RP: What was it like traveling to and wrestling in Japan for the first time?

Nick: Absolutely incredible. It felt incredible debuting at the Korakuen Hall in Tokyo, Japan. Being in the ring with the hot lights on you, watching streamers getting tossed from the crowd and looking out at the Dragon Gate banners from the inside of the ring and a memory I’ll never forget. “We made it from our backyard to Japan. Who would have thunk?” I thought to myself while out there.

RP: What are your ultimate goals in the business? When all is said and done, what will you have wanted to accomplish?

Matt: To be remembered as one of the greatest tag teams of all time. We are both work horses and pride ourselves for our work rate. We want to be the type of guys that people remember as always being like having a night off when they worked us: easy to work with, light, safe etc. We also pride our selves in being strong Christians with good morals. We’re not like typical guys our ages. I am a married man and am absolutely loyal to my wife. We both like to think of ourselves as guys you can count on in and out of the ring. Hopefully we’re remembered for all of these things.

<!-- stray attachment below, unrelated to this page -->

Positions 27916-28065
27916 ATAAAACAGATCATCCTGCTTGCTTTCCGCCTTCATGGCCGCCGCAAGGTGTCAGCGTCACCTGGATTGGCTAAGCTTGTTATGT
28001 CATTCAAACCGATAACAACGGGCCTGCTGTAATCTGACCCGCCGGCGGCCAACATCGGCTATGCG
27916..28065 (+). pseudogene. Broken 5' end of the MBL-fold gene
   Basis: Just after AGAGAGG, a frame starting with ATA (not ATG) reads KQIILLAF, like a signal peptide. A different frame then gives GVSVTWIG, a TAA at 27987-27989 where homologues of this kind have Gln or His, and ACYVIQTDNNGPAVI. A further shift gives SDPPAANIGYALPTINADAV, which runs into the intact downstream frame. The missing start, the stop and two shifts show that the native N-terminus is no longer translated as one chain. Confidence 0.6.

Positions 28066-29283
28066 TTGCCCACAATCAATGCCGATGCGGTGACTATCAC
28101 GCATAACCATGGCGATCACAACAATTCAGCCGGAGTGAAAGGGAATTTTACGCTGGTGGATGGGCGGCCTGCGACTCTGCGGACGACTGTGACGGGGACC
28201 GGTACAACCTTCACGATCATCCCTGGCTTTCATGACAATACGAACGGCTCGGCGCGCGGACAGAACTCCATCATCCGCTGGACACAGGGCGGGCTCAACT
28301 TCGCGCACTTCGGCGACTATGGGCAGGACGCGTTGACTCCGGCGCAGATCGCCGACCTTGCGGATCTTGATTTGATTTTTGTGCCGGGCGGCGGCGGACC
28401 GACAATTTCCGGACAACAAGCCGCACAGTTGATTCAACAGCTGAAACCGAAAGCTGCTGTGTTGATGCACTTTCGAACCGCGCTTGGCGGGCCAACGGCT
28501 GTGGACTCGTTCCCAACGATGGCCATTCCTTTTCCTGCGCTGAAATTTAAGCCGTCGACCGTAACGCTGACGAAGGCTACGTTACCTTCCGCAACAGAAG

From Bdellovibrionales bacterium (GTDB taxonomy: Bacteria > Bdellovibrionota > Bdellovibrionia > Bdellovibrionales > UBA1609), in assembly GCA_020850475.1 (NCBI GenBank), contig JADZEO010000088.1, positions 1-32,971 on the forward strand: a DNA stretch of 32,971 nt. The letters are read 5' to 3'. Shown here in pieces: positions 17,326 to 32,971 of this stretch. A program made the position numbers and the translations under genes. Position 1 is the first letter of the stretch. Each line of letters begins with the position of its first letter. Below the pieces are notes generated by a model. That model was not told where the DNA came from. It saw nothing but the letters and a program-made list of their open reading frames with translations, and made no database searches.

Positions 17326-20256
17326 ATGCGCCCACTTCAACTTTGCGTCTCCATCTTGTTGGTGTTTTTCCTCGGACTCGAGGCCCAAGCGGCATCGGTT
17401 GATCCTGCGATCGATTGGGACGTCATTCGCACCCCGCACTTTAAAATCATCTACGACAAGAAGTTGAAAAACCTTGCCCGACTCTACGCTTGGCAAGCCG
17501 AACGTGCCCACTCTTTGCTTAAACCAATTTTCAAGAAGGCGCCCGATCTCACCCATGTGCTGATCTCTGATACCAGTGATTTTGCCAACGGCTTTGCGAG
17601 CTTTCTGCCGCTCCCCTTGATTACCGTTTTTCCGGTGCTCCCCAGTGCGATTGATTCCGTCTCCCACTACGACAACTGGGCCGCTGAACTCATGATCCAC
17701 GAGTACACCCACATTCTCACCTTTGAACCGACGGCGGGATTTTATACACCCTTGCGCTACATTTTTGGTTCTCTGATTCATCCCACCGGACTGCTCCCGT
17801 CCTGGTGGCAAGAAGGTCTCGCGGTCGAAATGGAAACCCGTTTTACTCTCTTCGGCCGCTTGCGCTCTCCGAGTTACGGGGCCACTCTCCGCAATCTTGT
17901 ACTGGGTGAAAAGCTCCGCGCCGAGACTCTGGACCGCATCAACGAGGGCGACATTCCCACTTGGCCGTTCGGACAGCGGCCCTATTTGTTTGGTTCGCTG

RP: What is your favorite match you’ve ever wrestled?

Nick: There have been so many good ones. Any match with the Cutlers, we had a ton of fun teaming up with Marty Jannetty in 2007 in our hometown, the MCMG match and all of our matches in Japan.. particularly against Doi and Yoshino. DG in LA against Ryo Saito and Susumu Yokosuka along with the recent DGUSA match also make our “TOP” lists.

RP: What is your all-time favorite match (or matches) as wrestling fans?

Matt: Bret vs Owen WM10. Any time the Rockers wrestled. (Even against jobbers). Shawn vs Bret at WM12.

Nick: Hardys vs Edge and Christain No Mercy Ladder Match
Hogan vs Rock WM18

RP: How does it feel to have your younger brother, Malachi, working for some of the same promotions as the two of you?